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Clément Brochet
,
Laure Raynaud
,
Nicolas Thome
,
Matthieu Plu
, and
Clément Rambour

Abstract

Emulating numerical weather prediction (NWP) model outputs is important to compute large datasets of weather fields in an efficient way. The purpose of the present paper is to investigate the ability of generative adversarial networks (GANs) to emulate distributions of multivariate outputs (10-m wind and 2-m temperature) of a kilometer-scale NWP model. For that purpose, a residual GAN architecture, regularized with spectral normalization, is trained against a kilometer-scale dataset from the AROME Ensemble Prediction System (AROME-EPS). A wide range of metrics is used for quality assessment, including pixelwise and multiscale Earth-mover distances, spectral analysis, and correlation length scales. The use of wavelet-based scattering coefficients as meaningful metrics is also presented. The GAN generates samples with good distribution recovery and good skill in average spectrum reconstruction. Important local weather patterns are reproduced with a high level of detail, while the joint generation of multivariate samples matches the underlying AROME-EPS distribution. The different metrics introduced describe the GAN’s behavior in a complementary manner, highlighting the need to go beyond spectral analysis in generation quality assessment. An ablation study then shows that removing variables from the generation process is globally beneficial, pointing at the GAN limitations to leverage cross-variable correlations. The role of absolute positional bias in the training process is also characterized, explaining both accelerated learning and quality-diversity trade-off in the multivariate emulation. These results open perspectives about the use of GAN to enrich NWP ensemble approaches, provided that the aforementioned positional bias is properly controlled.

Open access
Arnaud Mounier
,
Laure Raynaud
,
Lucie Rottner
,
Matthieu Plu
,
Philippe Arbogast
,
Michaël Kreitz
,
Léo Mignan
, and
Benoît Touzé

Abstract

Bow echoes (BEs) are bow-shaped lines of convective cells that are often associated with swaths of damaging straight-line winds and small tornadoes. This paper describes a convolutional neural network (CNN) able to detect BEs directly from French kilometer-scale model outputs in order to facilitate and accelerate the operational forecasting of BEs. The detections are only based on the maximum pseudoreflectivity field predictor (“pseudo” because it is expressed in mm h−1 and not in dBZ). A preprocessing of the training database is carried out in order to reduce imbalance issues between the two classes (inside or outside bow echoes). A CNN sensitivity analysis against a set of hyperparameters is done. The selected CNN configuration has a hit rate of 86% and a false alarm rate of 39%. The strengths and weaknesses of this CNN are then emphasized with an object-oriented evaluation. The BE largest pseudoreflectivities are correctly detected by the CNN, which tends to underestimate the size of BEs. Detected BE objects have wind gusts similar to the hand-labeled BE. Most of the time, false alarm objects and missed objects are rather small (e.g., <1500 km2). Based on a cooperation with forecasters, synthesis plots are proposed that summarize the BE detections in French kilometer-scale models. A subjective evaluation of the CNN performances is also reported. The overall positive feedback from forecasters is in good agreement with the object-oriented evaluation. Forecasters perceive these products as relevant and potentially useful to handle the large amount of available data from numerical weather prediction models.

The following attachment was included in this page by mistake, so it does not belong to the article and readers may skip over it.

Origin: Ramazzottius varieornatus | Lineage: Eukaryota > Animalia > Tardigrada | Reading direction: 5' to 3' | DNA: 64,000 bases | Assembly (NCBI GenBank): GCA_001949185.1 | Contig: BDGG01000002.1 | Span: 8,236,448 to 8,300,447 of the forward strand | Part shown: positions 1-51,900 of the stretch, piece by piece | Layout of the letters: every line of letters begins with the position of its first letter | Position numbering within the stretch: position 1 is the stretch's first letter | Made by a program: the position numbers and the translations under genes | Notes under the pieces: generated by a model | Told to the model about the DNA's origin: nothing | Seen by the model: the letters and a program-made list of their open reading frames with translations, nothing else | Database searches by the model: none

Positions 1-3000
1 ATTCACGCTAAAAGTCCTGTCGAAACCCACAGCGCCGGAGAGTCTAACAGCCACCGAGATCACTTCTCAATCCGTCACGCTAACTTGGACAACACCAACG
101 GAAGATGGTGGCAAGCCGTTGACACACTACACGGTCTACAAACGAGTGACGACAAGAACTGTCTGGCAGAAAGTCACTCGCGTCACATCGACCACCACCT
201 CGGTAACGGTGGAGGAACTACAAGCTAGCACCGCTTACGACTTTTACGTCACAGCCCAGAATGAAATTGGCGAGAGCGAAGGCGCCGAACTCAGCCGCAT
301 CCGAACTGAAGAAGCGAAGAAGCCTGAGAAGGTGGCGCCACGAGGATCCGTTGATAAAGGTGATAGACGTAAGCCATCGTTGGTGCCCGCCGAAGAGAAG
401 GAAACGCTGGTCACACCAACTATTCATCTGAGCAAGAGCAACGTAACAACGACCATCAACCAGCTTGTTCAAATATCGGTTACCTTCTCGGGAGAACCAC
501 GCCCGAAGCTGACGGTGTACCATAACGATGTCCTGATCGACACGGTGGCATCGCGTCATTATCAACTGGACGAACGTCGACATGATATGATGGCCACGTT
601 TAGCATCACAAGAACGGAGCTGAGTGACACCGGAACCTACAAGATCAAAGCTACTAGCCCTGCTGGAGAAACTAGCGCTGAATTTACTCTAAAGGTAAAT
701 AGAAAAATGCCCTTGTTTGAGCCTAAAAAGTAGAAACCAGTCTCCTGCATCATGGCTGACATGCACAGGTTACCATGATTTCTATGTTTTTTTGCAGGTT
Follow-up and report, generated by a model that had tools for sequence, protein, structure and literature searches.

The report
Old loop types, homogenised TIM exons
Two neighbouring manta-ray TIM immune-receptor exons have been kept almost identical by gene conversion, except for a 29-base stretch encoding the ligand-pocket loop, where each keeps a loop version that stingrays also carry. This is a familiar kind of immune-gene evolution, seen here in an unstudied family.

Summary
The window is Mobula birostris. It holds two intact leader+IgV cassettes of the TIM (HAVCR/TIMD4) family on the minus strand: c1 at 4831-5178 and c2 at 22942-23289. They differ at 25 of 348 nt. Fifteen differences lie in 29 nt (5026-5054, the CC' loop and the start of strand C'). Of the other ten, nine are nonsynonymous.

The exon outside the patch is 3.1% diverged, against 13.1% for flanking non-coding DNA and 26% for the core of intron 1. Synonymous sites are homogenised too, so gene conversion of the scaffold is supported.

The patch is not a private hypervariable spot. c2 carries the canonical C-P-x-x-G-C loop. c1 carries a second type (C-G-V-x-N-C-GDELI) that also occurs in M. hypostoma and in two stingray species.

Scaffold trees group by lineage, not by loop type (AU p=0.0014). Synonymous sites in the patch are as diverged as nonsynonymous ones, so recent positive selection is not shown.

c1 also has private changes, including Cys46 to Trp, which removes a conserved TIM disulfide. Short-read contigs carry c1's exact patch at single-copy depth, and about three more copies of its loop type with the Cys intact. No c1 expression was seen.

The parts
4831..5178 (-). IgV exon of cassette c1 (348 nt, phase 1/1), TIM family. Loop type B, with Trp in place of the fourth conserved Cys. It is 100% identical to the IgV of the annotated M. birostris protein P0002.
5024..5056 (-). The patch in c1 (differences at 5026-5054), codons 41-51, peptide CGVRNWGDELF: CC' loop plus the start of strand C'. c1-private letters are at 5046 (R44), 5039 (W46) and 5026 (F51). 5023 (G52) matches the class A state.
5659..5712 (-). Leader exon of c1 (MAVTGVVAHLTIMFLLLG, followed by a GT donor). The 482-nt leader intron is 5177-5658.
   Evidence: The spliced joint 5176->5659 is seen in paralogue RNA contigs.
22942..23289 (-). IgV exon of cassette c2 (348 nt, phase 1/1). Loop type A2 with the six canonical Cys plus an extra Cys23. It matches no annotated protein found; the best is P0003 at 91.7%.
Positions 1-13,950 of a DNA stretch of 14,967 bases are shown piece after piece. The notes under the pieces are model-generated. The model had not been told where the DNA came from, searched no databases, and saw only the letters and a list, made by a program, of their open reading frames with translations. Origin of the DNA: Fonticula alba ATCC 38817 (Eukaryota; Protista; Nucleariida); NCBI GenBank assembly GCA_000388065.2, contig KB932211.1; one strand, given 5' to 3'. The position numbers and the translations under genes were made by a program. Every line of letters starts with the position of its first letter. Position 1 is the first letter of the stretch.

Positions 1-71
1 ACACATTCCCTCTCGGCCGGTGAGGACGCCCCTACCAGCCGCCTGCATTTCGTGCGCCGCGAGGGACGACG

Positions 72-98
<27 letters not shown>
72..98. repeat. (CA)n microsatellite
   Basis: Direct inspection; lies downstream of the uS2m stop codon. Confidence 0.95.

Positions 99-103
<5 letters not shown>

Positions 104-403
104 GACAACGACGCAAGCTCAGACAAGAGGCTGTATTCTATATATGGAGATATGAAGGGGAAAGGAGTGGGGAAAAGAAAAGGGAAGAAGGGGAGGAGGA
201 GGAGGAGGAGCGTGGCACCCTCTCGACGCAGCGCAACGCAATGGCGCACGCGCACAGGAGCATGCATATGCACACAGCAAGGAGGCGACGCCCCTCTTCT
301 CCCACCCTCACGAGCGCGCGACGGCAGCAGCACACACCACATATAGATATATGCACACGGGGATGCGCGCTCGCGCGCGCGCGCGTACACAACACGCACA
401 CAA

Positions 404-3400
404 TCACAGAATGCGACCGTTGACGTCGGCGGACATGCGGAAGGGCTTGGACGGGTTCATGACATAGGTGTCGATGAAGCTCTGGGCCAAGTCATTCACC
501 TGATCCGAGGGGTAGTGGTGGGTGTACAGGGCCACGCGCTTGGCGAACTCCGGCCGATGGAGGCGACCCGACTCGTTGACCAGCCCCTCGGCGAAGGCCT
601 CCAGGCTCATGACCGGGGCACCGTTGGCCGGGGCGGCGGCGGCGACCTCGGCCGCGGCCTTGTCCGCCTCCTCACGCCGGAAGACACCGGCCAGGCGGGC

Free access